You can tell a lot about a culture by the problems if focuses on. In the US miles of digital ink have been flowing about Beyonce’s inaugural rendition of the national anthem.
The nature of the controversy is whether she used a pre-recorded version of the song or performed live. At a very deep level, this does not matter at all.
Similarly, Twin Oaks is in an uproar currently about our process to reject a young woman who applied for membership. Let’s call her Abby.
Abby is an artist, she was involved in the Occupy movement. I found her pleasant and engaging, but others thought she was lazy and spoiled. She got 24 accepts and 6 rejects at her poll. This resulted in her getting rejected from by the community for membership.
If you are not familiar with our unusual decision-making system, you are probably already confused. For membership decisions and many others, the community uses a “negative minority centric” decision-making model. Meaning that a small number of no or reject votes can stop something from happening.
“Why is this?” You might well be asking. The community has found that it does not want to use full consensus process, but it does want to empower minorities to stop changes (including the addition of controversial new members) that it has concerns about. In our membership process, it is much more important to listen to the small number of people who do not want someone to join than the generally much larger number of people who do want them to join.
“But why should not the majority rule?” You are perhaps asking. There are several reasons. The first is that if you have a pleasant interaction with a visitor and not much other information when their poll comes out you are likely to accept them. However, if you know that other members were upset or displeased enough to actually reject this person, you might well have joined their veto, because they would defer to your experience. We are cautious in our membership process because making mistakes can be very painful and emotionally expensive for us.
“But what if the majority is not convinced by the minority?” Our process has steps in it in which the majority can take back power. Once the membership teams decision has been made, it can be appealed if enough people are upset about it. This was the case with Abby and after the initial decision, an anxious member decided to post an override, in which the community could reverse the decision to reject Abby and instead she could do another visitor period in 6 months and apply for membership again if she wanted to.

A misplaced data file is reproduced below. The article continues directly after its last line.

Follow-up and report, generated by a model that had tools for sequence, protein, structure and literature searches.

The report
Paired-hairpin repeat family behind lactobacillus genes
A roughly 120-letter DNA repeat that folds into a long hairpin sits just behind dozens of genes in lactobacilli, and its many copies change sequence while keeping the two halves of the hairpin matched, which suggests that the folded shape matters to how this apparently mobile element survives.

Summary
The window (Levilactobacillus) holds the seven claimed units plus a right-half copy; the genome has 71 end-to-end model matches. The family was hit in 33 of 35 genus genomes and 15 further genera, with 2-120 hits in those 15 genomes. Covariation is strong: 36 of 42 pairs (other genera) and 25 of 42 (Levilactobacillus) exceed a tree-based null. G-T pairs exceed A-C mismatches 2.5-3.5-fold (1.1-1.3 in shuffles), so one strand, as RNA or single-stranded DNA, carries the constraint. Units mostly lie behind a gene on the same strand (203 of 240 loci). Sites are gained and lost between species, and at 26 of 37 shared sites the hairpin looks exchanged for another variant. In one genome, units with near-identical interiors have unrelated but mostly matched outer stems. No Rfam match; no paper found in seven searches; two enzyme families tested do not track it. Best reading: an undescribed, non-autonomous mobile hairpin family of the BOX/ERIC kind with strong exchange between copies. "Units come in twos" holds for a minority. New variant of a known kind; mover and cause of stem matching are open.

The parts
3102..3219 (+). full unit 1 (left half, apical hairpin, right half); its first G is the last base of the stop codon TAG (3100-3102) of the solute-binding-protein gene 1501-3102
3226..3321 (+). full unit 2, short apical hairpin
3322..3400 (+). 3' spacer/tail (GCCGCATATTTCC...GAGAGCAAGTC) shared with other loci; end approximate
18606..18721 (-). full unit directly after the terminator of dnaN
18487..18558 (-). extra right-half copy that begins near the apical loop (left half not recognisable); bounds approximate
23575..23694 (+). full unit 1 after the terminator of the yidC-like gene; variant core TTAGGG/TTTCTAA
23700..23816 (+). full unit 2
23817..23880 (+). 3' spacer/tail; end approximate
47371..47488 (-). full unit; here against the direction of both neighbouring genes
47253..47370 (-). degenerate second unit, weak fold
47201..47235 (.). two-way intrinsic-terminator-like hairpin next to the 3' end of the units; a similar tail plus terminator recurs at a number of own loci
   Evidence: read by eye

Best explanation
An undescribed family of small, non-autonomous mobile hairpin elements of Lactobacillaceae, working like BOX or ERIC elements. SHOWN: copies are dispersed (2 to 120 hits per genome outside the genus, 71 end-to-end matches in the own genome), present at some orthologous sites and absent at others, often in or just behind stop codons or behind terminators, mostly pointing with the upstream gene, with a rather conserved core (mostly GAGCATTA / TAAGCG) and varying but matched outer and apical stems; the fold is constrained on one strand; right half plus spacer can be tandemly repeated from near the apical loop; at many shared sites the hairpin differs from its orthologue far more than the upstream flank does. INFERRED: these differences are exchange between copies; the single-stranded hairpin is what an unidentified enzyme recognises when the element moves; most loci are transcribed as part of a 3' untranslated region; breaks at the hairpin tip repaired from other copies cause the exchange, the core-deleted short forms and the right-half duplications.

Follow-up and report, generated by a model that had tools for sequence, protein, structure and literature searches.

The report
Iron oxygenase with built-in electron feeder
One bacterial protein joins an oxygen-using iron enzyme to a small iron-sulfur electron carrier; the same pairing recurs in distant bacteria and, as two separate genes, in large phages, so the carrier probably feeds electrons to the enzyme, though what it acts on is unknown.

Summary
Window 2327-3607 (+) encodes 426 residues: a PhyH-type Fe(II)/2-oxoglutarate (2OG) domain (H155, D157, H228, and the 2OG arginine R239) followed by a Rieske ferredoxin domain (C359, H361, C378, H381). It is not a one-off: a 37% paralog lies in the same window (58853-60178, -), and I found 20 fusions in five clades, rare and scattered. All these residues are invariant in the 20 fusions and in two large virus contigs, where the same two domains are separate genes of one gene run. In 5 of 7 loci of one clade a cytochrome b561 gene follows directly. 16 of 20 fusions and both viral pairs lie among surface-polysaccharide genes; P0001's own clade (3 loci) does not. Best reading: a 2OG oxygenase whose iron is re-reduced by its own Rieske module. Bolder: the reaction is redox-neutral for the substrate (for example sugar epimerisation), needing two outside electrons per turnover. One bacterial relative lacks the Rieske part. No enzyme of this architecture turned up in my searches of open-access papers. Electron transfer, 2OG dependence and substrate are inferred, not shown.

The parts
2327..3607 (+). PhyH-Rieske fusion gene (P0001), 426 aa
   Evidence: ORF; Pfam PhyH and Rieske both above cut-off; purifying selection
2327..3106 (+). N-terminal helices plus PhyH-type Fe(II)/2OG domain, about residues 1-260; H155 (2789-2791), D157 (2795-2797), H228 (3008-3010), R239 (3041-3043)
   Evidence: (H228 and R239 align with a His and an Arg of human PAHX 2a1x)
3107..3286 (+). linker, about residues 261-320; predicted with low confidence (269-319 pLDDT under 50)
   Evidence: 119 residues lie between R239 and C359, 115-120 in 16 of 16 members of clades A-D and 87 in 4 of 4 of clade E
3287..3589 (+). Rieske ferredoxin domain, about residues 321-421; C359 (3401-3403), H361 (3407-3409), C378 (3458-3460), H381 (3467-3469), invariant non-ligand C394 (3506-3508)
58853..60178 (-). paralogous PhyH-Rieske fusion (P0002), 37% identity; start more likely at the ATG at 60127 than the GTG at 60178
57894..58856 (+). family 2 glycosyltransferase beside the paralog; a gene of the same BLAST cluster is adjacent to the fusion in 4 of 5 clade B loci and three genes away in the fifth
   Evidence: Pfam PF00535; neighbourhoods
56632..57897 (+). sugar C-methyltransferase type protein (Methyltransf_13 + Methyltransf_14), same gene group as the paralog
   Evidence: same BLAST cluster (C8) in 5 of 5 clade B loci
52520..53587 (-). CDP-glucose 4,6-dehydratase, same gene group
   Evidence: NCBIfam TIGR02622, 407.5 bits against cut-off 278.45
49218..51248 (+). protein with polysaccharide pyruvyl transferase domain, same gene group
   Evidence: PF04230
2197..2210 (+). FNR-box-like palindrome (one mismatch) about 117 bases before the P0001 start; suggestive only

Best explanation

Unfortunately, this is not quite the right process. Before a decision of the membership team can be reversed by the general membership, it needs to be reviewed by the planning council and then the planners. Who normally uphold these decisions and then if there is enough political force, the campaign goes to the full community and if 50% plus one of the full members decide to change the decision it is overturned. They have 3 weeks to get all the signatures needed (tho there are some restrictions to how campaigns of this type can be run).
A funny thing happened on the way to the override. The planners decided to over turn the membership teams decision. This does not happen much, usually, the planners just rubber stamp these decisions and if the membership is still concerned, once the planners have re-affirmed the choice it can go to the public override process.
The planners are our chief executive body, they make decisions all the time for the community. And this decision kicked off a fire storm of internal concern. Some were concerned about the specific visitor Abby, but many more were concerned that the planners took decision making into their own hands and did not let the community override the membership team.
Twin Oaks has not yet figured out how to have an override without people getting upset and hurt by it. One of our failings as a community is that we often are unable to unlink the political from the personal and if you disagree with me on this issue, we may well struggle to be friends. This controversy raged so hotly that one planner was chased out of the dining hall by a frustrated and ranting member.
I have a name for this type of situation, I call it a “pocket drama.” These are small, often optional problems that are causing some people significant distress, but that does really have a very large impact one way or the other. If Abby is allowed to visit again in 6 months, she will likely face a similar number of rejects and will not likely be able to become a member. And most people (from what I can understand having not read the 20 plus pages of dialog currently posted on the topic) are more upset about the planners, not rubber stamping the membership teams decision.
This really feels optional to me. We select our planners to make decisions for the group all the time. If they decide something the membership does not like, the membership has the option of overturning them (an option we take something less than once a year, though the number of unsuccessful overrides is probably twice that). If we have them review a decision, then we should be open to the possibility that they are going to disagree with it and overturn it, otherwise if they are just supposed to rubber stamp it, take them out of the loop and go straight to giving the community the option to override after the managers (before the planners) make the choice.
I often get caught up in the communities pocket dramas, but this month I am at Acorn and they seem a bit far away and slightly surreal. My take is that we are lucky that we do not have mission critical choices we need to be making right now and can afford to debate these finer points.